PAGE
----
Opinion Over News
In my critical thinking class I teach a section on critical thinking and the news media. One of the points I focus on is the importance of distinguishing between someone presenting an opinionated perspective and someone engaged in actual reporting.
Obviously, any report is going to be colored by the perspective of the person presenting it, but there are clearly degrees and important distinctions. It would be an error to merely assume that all reporting or opinion giving are equal-that is, that everyone is just as bad as everyone else.
Interestingly enough, MSNBC is the leader in relying on the presentation of opinions over reporting, at least according to this study. While I try to avoid watching MSNBC, the study is consistent with my own experiences with the network and there seems to be little reason to doubt this. Naturally, one can easily check on this matter by enduring a marathon watching session of the station. Apparently 85% of MSNBC’s airtime is composed of the presentation of opinions.
While MSNBC leads the way in opinion over news, FOX and CNN have also cut back on actual news reporting. Fox News is mostly (55% opinion). CNN is still mostly news.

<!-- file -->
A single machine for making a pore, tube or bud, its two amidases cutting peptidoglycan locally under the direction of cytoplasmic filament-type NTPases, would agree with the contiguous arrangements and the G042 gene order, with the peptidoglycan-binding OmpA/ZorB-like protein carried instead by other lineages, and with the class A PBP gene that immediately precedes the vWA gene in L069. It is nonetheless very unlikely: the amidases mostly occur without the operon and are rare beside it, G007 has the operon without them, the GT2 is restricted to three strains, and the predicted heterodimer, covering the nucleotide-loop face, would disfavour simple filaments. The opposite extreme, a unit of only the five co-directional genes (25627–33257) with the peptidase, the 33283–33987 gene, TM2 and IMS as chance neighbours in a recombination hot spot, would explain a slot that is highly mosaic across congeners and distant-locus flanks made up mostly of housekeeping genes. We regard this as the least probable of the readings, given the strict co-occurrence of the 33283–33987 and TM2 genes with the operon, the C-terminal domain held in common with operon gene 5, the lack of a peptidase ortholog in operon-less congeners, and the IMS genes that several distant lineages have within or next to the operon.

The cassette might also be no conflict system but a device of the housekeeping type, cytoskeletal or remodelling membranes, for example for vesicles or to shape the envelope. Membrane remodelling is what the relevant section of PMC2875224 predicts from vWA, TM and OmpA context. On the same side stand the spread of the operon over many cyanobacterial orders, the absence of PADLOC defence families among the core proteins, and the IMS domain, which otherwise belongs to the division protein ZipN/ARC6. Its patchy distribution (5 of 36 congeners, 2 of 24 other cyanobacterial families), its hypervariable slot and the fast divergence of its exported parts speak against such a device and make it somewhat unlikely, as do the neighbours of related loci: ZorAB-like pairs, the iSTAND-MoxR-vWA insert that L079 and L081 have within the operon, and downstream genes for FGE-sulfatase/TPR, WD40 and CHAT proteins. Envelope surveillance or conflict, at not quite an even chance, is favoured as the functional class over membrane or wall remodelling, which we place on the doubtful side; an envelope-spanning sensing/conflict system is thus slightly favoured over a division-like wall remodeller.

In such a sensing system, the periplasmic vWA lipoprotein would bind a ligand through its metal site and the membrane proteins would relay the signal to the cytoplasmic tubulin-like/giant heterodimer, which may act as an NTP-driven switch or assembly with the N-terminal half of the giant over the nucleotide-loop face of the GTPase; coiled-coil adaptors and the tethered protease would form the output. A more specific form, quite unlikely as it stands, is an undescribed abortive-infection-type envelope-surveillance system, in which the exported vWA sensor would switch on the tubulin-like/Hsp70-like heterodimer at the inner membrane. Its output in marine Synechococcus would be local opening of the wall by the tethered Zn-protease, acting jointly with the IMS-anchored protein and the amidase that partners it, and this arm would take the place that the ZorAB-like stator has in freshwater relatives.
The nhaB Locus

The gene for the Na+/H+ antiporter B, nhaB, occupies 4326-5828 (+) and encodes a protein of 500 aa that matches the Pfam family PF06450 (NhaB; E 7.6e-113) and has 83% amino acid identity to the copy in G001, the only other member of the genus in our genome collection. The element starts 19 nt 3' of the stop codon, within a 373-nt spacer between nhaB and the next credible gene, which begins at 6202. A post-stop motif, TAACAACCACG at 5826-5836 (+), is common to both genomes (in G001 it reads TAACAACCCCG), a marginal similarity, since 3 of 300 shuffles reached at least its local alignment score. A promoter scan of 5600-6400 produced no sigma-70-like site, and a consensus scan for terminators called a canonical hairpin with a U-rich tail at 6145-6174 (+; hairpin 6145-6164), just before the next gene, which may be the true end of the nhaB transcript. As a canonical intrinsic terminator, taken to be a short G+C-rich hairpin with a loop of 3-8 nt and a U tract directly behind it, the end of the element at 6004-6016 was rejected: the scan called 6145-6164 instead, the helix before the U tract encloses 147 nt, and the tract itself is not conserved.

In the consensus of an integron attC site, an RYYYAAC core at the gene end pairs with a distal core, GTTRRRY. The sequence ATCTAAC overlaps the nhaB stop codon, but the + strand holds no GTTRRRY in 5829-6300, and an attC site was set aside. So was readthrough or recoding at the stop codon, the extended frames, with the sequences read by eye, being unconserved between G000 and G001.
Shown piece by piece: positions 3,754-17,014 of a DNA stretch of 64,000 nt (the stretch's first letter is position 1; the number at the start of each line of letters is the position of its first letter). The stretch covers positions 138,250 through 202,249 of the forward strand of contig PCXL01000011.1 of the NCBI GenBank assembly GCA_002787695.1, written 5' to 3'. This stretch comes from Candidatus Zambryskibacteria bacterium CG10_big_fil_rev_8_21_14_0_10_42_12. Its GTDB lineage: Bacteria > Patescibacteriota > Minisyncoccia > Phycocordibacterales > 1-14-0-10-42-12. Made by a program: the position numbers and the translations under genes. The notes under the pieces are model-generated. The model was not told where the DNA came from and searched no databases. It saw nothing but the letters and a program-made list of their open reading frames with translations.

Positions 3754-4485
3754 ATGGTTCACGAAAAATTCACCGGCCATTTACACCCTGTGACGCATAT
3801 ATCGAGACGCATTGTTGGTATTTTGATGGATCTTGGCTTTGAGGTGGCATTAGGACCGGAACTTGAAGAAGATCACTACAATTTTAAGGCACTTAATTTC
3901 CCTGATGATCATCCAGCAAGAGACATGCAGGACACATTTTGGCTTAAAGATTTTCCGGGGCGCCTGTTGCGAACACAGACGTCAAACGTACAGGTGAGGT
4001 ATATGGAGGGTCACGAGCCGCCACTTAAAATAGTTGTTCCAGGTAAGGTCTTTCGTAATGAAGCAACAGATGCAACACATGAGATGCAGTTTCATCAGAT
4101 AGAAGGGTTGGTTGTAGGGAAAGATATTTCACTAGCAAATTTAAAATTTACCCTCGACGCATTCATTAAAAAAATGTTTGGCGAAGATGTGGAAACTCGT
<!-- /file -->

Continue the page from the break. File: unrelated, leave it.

One obvious reason for the dominance of opinion is that chatter tends to be cheaper than investigative journalism. Since news is a business and the business of business is making money, it is hardly surprising that the news corporations have slashed back their reporting budgets. Since they still have hours to fill, opinion segments provide the media equivalent of pink slime-a cheap filler product.
A second reason for the dominance of opinion is that such material can be more entertaining than the news-in many ways, the pundits at Fox and MSNBC (and to a lesser extent CNN) are putting on news theater that aims more at entertaining than educating. This, obviously enough, ties back into the idea that the business of the news corporations is to make money.
A third reason is that Fox and MSNBC are strongly linked to political agendas. Fox is, obviously enough, very closely tied with the Republican party. While MSNBC seems to be less formally linked to the Democrats, this could be chalked up to the nature of the Democratic party rather than a lack of desire to have such a relationship. As might be imagined, objectively reporting on the facts generally does not do much to advance a specific agenda. In contrast, opinion segments are tailor-made to do just that.
This dominance of opinion should be of concern for those who wish to be well informed rather than well propagandized. As might be suspected, I would suggest avoiding MSNBC-something I have done for years.